There’s blood under my fingernails, and I’m trapped. The meeting with my supervisor, informal and at my desk, was going well until I swiped at an itch on my forehead, which lately has been pulling double-duty as a proving ground for novice mosquitos. As nights progress, anything left exposed is fair game for the winged beasties, and the result is that my upper forehead resembles one of the photographs sent back by the Mars Rover. My supervisor was ticking down the remaining details of the upcoming project, bracketing each item on her printout, when I felt the first trickle on my forehead.
I swipe a second time, and this time there is a thin red streak across the flesh of my index finger. I have been too indelicate, it seems, and now I have a situation on my hands. Quickly, before she looks up again, I swipe my forehead with my middle finger, and when she looks up again I am nodding, concurring with her assessment of project parameters. She looks down again, to my great relief, and I have just enough time to examine the second streak of blood on my middle finger. Horrors: it is just as pronounced, if not more so than the first. Surely my supervisor has noticed my blood-bindi, but I can’t just let it run down between my eyebrows.
I make a third swipe with my thumb, and the wound shows no sign of abatement. So the question occurs to me: should I lick my fingers? What are the prevailing social attitudes toward the digital intermediary method of oral would cleansing? Might such a practice lead to an unfavorable performance evaluation? “Performs work-related duties, and also scab mastication, in an exemplary fashion. General hygiene issues. Recommend garnishing wages to offset sheer gross factor.”
Then again, neither can I wipe my fingers on my shirt. If I had worn red, like the Roman army did, then perhaps, but I failed to plan for wound concealment this morning. In the meantime, I have three wet streaks on my favorite fingers and a swelling crimson bead front and center. I wince at the thought of the humiliation when she next looks up.
But then she offers me an exit. “I think you already addressed this with your last design, yes?”
And before she has a chance to see my glistening plasma beacon, I’ve turned toward my screen to open the file in question. “Let me check, why don’t I?” I’ll face the screen now, and not look away from it until she leaves. If there’s any negative at all it’s that I slapped my hand on the mouse so quickly, forgetting about my bloody fingers. It should be okay though, as long as I don’t remove my hand from the mouse, which should only be a problem if management were to bring the new guy around for introductions. Best not to ponder that nightmarish scenario however. “Yes,” I say, looking closely at the image on my screen. “Looks like this one’s ready to be sent… from what I can tell.”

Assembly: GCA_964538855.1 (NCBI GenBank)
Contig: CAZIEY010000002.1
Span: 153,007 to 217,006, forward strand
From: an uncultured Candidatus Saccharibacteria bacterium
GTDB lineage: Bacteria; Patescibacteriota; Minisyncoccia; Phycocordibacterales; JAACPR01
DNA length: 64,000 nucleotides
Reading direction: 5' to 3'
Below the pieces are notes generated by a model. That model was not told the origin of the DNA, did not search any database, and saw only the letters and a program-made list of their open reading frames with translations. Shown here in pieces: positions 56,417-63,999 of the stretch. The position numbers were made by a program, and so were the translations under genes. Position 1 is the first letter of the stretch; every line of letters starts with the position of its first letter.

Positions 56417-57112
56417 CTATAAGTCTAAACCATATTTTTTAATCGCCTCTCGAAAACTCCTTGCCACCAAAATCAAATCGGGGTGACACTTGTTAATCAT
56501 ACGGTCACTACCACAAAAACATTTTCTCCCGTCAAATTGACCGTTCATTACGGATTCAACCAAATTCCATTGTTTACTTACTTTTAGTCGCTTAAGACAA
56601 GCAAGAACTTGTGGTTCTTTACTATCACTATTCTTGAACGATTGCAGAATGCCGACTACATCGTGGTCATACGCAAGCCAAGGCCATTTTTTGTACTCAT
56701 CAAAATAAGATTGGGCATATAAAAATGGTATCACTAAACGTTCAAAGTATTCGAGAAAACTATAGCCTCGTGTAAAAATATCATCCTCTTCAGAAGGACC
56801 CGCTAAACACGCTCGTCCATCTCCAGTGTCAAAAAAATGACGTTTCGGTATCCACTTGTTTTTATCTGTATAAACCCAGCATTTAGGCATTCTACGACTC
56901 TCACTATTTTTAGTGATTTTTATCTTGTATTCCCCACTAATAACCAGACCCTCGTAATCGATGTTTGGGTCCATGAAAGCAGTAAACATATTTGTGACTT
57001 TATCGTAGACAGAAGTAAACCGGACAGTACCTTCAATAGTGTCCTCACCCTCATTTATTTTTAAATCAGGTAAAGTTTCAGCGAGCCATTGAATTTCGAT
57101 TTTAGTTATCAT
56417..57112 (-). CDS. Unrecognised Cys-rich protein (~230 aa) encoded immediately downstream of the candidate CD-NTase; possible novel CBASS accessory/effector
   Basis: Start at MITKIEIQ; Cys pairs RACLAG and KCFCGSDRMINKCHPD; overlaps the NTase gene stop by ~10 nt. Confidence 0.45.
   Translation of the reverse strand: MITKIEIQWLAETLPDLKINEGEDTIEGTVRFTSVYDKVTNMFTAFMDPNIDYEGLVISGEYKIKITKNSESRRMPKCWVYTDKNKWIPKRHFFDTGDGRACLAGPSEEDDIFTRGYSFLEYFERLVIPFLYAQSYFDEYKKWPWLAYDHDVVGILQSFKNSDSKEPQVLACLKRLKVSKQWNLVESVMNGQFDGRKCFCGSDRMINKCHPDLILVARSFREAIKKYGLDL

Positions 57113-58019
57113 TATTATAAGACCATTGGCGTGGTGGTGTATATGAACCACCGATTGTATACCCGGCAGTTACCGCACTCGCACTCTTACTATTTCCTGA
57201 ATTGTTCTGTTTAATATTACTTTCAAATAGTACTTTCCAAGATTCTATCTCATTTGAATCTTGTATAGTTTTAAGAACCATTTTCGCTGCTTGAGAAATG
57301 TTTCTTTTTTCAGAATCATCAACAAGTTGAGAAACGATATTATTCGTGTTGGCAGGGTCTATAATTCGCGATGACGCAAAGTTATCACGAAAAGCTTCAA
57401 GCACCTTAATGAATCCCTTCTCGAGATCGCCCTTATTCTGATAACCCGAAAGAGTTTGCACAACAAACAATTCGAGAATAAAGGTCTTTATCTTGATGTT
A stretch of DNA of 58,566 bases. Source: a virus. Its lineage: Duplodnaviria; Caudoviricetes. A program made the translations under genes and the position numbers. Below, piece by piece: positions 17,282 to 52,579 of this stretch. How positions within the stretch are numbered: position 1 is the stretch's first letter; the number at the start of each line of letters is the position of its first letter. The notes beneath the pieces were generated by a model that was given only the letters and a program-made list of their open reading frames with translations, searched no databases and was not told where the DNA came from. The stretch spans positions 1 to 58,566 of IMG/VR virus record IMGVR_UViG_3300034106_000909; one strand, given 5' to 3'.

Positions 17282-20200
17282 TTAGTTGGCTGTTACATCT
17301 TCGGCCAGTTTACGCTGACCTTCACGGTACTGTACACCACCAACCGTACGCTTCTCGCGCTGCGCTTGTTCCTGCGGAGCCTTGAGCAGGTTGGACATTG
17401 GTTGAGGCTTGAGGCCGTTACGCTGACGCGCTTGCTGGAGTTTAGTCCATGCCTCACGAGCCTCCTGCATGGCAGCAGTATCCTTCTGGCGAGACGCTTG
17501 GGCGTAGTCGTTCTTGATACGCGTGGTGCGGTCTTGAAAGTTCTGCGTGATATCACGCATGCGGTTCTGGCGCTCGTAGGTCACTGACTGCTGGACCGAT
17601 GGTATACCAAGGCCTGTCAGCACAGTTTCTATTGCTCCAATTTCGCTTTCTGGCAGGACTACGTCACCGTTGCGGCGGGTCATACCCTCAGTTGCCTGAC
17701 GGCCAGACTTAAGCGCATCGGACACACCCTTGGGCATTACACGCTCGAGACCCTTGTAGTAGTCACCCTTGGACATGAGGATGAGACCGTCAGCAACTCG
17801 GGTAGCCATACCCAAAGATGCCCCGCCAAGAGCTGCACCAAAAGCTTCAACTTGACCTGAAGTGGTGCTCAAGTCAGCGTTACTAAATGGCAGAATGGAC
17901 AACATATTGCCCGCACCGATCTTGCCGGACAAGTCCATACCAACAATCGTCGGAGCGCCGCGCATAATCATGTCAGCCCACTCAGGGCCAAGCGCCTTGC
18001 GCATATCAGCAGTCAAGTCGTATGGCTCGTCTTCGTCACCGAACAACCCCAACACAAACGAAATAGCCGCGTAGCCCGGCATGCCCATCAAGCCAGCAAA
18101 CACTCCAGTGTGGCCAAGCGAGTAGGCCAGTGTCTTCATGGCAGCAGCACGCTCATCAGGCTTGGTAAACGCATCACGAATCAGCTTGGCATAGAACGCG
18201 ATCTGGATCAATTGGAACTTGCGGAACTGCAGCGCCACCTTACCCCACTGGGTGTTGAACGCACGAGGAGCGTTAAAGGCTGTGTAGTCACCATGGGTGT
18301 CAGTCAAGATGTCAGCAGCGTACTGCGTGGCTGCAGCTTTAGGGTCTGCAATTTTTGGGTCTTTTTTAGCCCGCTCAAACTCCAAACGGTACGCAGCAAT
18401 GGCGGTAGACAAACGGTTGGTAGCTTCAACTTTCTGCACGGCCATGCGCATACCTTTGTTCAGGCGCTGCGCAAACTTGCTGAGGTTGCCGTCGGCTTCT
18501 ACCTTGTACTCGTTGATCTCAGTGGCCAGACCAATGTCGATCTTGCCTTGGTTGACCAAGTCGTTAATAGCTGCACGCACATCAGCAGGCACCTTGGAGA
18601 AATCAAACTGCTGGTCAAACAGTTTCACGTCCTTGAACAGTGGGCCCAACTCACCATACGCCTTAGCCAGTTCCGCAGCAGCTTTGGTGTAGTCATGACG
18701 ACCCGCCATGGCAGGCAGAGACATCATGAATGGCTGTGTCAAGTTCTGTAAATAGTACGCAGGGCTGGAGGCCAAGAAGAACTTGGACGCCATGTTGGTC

“Okay,” she says.
I know she’s waiting for me to turn around. She wants a cue. A tip of the hat, I suppose. Something that allows her to leave with grace. I grow wistful at the memory of such luxuries, and frown as blood runs down the bridge of my nose. I must be cold about it. “So I’ll get back to work on the last one,” I say, and click on random things for authenticity.
“Oh. Okay,” she says. She’s disappointed. If only she knew the burden of my secret shame! Out, damned spot! Out, I say!
“Perfect,” I say. “Maybe I’ll see you at lunch?” Still friends.
“Sounds good,” she says. I continue to keep my back to her as, I assume, she curtsies and backs slowly, respectfully away from my desk.
Only when I’m sure she’s gone do I scratch my forehead vigorously, loosing flecks of skin into my keyboard, and drawing blood in torrents. “Or maybe lunch comes early today,” I say to myself as I extend my eight-inch tongue to swab my throbbing forehead.